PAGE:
ST PETERSBURG, FL - MAY 22: Hanley Ramirez #13 of the Boston Red Sox looks on during a game against the Tampa Bay Rays at Tropicana Field on May 22, 2018 in St Petersburg, Florida. (Photo by Mike Ehrmann/Getty Images)

One beauty about being a Boston sports fan there’s never a boring moment. Last week the Red Sox announced that first baseman Hanley Ramirez was designated for assignment.  With Mitch Moreland on a torrid hot streak at the plate, the team decided to go in another direction. In this post, we’ll examine three areas that contributed to the releasing of Hanley Ramirez.

Production Starting To Dwindle

In April, Ramirez was one of the hottest hitters in baseball, batting .330 with 3 home runs and 17rbi’s. Ramirez has slumped terribly in May, batting a dismal .263 with 6 homers and 12 rbi’s. With Mitch Moreland on a tear, the club decided it was time to say goodbye. If you take into account his four _years 22,000,000 dollar salary in which the team will still pay him15,000,00 this year. Not to mention that if he reaches 1,000,050 at_ bats, he will get the full 22,000,00 dollars next year.  And you know that’s not going to happen.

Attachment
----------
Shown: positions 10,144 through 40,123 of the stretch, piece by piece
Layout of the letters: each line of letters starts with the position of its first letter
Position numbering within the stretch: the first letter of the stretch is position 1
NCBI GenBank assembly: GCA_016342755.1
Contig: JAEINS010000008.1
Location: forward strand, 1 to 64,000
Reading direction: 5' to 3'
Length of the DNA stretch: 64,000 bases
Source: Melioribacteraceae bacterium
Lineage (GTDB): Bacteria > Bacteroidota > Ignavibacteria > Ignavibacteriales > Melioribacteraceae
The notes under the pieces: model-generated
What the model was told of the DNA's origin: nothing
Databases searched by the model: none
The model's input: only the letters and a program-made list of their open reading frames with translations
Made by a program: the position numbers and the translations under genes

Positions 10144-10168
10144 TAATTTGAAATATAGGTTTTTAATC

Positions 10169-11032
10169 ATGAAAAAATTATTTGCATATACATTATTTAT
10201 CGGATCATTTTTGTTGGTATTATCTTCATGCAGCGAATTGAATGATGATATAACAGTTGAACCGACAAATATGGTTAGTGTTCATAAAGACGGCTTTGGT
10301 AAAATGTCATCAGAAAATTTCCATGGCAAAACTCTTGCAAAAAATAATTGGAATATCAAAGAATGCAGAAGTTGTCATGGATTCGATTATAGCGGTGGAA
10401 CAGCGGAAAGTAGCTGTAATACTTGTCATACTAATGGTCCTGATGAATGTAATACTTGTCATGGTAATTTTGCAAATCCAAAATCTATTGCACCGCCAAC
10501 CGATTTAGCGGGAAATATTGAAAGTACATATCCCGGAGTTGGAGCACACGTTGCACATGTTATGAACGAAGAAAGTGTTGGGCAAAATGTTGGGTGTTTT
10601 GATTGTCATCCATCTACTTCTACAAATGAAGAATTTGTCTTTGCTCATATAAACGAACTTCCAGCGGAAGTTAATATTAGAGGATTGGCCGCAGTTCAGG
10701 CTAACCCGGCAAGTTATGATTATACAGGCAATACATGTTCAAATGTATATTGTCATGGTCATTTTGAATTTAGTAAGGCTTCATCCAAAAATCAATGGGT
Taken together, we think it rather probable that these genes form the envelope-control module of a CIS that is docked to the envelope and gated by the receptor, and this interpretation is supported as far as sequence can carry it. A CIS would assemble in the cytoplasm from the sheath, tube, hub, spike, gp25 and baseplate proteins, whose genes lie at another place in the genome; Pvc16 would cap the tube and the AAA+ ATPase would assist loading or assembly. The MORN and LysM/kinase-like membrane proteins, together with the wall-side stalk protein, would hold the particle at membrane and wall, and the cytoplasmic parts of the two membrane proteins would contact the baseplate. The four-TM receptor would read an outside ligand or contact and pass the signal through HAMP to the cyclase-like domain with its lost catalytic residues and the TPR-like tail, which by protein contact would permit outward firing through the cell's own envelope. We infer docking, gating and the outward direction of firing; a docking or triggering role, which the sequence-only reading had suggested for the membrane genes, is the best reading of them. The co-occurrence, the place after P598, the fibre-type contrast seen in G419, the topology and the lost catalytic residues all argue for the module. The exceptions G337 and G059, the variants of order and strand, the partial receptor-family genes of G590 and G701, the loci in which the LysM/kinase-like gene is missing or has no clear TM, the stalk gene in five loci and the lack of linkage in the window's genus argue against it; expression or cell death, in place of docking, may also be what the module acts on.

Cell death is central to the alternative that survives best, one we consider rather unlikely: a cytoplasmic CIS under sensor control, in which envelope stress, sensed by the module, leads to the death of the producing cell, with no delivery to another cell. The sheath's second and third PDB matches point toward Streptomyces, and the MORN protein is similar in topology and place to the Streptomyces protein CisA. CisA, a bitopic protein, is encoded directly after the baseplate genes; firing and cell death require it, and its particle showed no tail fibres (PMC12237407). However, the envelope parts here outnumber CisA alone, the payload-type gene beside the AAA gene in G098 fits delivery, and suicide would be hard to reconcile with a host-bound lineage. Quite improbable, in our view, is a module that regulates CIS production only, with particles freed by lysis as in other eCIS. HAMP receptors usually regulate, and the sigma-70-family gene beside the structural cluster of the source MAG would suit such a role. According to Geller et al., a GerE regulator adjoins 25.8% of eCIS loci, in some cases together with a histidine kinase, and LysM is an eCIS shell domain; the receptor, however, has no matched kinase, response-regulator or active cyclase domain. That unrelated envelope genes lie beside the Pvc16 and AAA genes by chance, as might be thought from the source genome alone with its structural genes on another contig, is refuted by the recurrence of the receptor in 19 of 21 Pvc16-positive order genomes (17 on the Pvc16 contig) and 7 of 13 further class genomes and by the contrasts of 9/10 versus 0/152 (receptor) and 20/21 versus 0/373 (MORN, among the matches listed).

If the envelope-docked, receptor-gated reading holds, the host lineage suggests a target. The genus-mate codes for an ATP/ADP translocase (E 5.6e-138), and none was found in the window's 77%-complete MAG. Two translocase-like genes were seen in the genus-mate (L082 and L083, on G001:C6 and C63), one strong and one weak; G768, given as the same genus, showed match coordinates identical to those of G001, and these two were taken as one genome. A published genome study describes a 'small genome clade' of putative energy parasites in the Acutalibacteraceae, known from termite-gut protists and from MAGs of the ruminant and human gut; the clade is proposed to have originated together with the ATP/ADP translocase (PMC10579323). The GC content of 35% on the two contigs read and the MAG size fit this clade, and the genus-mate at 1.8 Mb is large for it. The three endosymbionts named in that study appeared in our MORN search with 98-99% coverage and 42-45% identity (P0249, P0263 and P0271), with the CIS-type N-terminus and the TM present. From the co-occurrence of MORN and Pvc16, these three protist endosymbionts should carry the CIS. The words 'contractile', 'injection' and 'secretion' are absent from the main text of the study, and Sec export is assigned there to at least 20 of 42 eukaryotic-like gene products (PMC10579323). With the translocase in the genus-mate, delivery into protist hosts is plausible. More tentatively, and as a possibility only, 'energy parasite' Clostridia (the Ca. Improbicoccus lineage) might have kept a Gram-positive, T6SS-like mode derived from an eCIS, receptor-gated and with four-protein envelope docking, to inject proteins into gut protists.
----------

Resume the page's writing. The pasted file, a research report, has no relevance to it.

Lack Of Focus

Anybody who follows the Red Sox knows that the club had serious leadership issues last season. Ramirez’s goofy personality did not bode well in the new clubhouse atmosphere. Newly acquired JD Martinez does his talking with his bat. So far this season he’s on a pace to hit 50 plus home runs with 19 thus far.  Under the new regime, the Red Sox are the best team in baseball with a 39_17 record  and a first place standing in the AL East. In all fairness, it made sense to release him.

Team Still Has Enough Power

In three years Ramirez’s best year was in 2016 which happened to be David Ortiz‘s last season. With the arrival of JD Martinez and MVP candidate Mookie Betts the organization finds themselves tied with the Yankees for the most home runs.                                                                                                                                                                                                                                                                                                                  There are some critics who feel letting Ramirez go was a  huge mistake. If you factor in his 380 playoff average as a Red Sox plus his 45o OBP only time will tell. If they stay on their current pace, then the second half should be very interesting

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